EAST VILLAGE, Manhattan (WABC) -- All three defendants were found guilty in the manslaughter trial stemming from the deadly 2015 gas explosion in the East Village.
The building owner, 59-year-old Maria Hrynenko, of Rockland; an unlicensed plumber, 63-year-old Athanasios Ioannidis, of Queens; and the general contractor, 44-year-old Dilber Kukic, of the Bronx were convicted for rigging an illegal gas line at the building on Second Avenue at 7th Street. Two people died and 13 were injured in the fiery blast.
All three defendants were found guilty of all charges on Friday -- including manslaughter, assault and other charges.
"Unbeknownst to the people who were walking down the street, driving down the street, there was a virtual bomb lurking under the East Village," Assistant District Attorney Randolph Clarke said in his opening statement.
In all, three buildings collapsed and a fourth building was seriously damaged.
Sushi restaurant worker Moises Ismael Locon Yac and 23-year-old diner Nicholas Figueroa, who was on a date at the time, were killed.
"He was a beautiful, happy guy," dad Nixon Figueroa said. "I'm proud of having him as a son."
Officials found his body in the debris an agonizing three days later, and Nixon Figueroa, the state's first witness, described identifying his son's body and wanting to hug him one more time.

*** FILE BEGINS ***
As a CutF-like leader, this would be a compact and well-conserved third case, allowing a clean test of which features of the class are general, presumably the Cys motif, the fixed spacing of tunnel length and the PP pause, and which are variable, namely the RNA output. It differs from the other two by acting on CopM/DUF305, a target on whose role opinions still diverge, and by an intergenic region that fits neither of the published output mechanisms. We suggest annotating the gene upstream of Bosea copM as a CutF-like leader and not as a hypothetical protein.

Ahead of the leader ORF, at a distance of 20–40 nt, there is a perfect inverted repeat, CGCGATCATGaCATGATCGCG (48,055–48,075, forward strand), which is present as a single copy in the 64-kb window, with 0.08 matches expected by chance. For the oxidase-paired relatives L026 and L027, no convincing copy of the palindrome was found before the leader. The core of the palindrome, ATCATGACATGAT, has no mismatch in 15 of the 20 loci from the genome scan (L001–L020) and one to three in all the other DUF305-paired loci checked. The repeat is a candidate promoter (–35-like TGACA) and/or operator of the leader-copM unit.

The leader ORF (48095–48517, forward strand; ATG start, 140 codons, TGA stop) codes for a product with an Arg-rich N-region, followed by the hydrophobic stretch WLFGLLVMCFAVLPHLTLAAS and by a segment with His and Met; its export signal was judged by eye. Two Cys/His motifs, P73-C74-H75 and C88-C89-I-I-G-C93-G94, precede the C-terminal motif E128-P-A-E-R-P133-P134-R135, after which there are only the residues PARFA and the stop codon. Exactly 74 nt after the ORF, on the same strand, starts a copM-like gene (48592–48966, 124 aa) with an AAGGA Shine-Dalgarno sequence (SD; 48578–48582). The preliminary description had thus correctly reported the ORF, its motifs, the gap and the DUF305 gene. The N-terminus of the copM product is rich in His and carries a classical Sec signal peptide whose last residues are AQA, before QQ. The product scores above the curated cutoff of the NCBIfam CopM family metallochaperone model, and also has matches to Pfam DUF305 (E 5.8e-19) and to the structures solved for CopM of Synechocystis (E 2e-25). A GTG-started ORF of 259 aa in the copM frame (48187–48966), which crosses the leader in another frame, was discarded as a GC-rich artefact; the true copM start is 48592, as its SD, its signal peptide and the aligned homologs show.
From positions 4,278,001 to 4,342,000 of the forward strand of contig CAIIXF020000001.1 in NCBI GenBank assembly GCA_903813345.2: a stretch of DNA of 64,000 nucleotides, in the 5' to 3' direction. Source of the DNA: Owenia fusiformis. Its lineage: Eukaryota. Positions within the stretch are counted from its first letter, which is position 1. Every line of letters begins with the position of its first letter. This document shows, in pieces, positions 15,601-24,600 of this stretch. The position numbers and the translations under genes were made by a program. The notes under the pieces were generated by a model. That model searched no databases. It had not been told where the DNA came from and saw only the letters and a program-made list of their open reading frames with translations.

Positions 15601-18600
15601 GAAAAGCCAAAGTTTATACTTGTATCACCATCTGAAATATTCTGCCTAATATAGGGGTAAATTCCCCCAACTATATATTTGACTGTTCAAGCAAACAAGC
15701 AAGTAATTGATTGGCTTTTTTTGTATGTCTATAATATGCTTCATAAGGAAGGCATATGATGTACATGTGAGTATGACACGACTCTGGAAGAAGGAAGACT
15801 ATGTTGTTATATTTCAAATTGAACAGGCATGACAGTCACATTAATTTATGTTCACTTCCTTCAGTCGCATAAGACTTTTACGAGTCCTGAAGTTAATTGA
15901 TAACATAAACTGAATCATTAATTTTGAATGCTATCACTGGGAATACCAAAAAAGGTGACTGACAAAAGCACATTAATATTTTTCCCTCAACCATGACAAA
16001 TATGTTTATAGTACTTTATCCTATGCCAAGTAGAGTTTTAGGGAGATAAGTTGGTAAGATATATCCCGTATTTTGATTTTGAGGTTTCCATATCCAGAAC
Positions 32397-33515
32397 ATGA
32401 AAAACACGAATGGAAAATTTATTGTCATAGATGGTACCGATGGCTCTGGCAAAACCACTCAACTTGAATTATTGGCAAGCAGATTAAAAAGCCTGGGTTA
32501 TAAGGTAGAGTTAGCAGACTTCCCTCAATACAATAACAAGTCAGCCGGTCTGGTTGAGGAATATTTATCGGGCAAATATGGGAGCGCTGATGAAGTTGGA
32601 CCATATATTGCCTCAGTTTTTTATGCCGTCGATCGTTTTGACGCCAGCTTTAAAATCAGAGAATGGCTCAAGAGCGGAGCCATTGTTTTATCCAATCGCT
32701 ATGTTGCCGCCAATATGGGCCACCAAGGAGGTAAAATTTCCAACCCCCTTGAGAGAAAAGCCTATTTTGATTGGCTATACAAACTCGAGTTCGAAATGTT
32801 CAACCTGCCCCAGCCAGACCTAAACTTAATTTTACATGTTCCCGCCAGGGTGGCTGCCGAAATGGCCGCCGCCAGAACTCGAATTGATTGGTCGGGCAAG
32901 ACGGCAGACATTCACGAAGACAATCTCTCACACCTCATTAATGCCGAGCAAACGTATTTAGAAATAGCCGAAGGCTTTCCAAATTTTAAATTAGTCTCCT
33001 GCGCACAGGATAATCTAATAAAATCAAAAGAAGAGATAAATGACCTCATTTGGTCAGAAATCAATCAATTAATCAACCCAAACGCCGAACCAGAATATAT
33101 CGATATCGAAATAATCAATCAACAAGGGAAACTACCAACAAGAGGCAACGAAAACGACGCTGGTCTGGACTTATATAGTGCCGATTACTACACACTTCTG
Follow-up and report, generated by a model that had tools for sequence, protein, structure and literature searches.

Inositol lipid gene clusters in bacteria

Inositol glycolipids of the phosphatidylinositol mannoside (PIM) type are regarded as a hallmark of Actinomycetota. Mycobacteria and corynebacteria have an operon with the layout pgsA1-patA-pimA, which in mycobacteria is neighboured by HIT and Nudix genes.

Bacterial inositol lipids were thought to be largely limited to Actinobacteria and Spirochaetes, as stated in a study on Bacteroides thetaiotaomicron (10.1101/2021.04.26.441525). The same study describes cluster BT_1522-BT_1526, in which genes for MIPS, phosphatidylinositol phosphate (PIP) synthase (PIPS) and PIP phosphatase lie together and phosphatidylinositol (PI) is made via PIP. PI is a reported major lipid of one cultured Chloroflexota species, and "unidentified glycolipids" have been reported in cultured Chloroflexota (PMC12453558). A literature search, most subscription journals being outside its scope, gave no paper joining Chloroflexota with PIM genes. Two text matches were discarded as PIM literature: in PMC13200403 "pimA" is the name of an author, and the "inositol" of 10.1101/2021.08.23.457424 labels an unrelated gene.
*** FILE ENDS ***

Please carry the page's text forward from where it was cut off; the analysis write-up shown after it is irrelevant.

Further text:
"He was a good kid," he said. "So I just want to say, I'm glad we're here and I'm going to take it step by step."
Locon Yac's brother had also testified.
"They called and said the bodies had never been found," he told jurors. "When we went to the area to see where my brother's body was, they told us we wouldn't recognize him."
Defense lawyers argued it was a tragic accident and their clients are not responsible.
"This is a big win for public safety in New York," said District Attorney Cy Vance. "As construction and development continues to boom, today's guilty verdict puts property owners, contractors, and managers on notice: my Office will pursue criminal charges against those who place expediency and financial gain over life and limb. I thank the jury and the tireless prosecutors in our storied Rackets Bureau for holding these defendants accountable for the tragic and preventable losses of Moises Locon and Nicholas Figueroa. I also want to thank the Figueroa and Locon families, who demonstrated remarkable strength and resilience through the duration of this trial. While today's result will not bring these young New Yorkers back, I hope the Figeuroa and Locon families take a measure of comfort in knowing that this case will change the way that landlords and contractors do business in New York."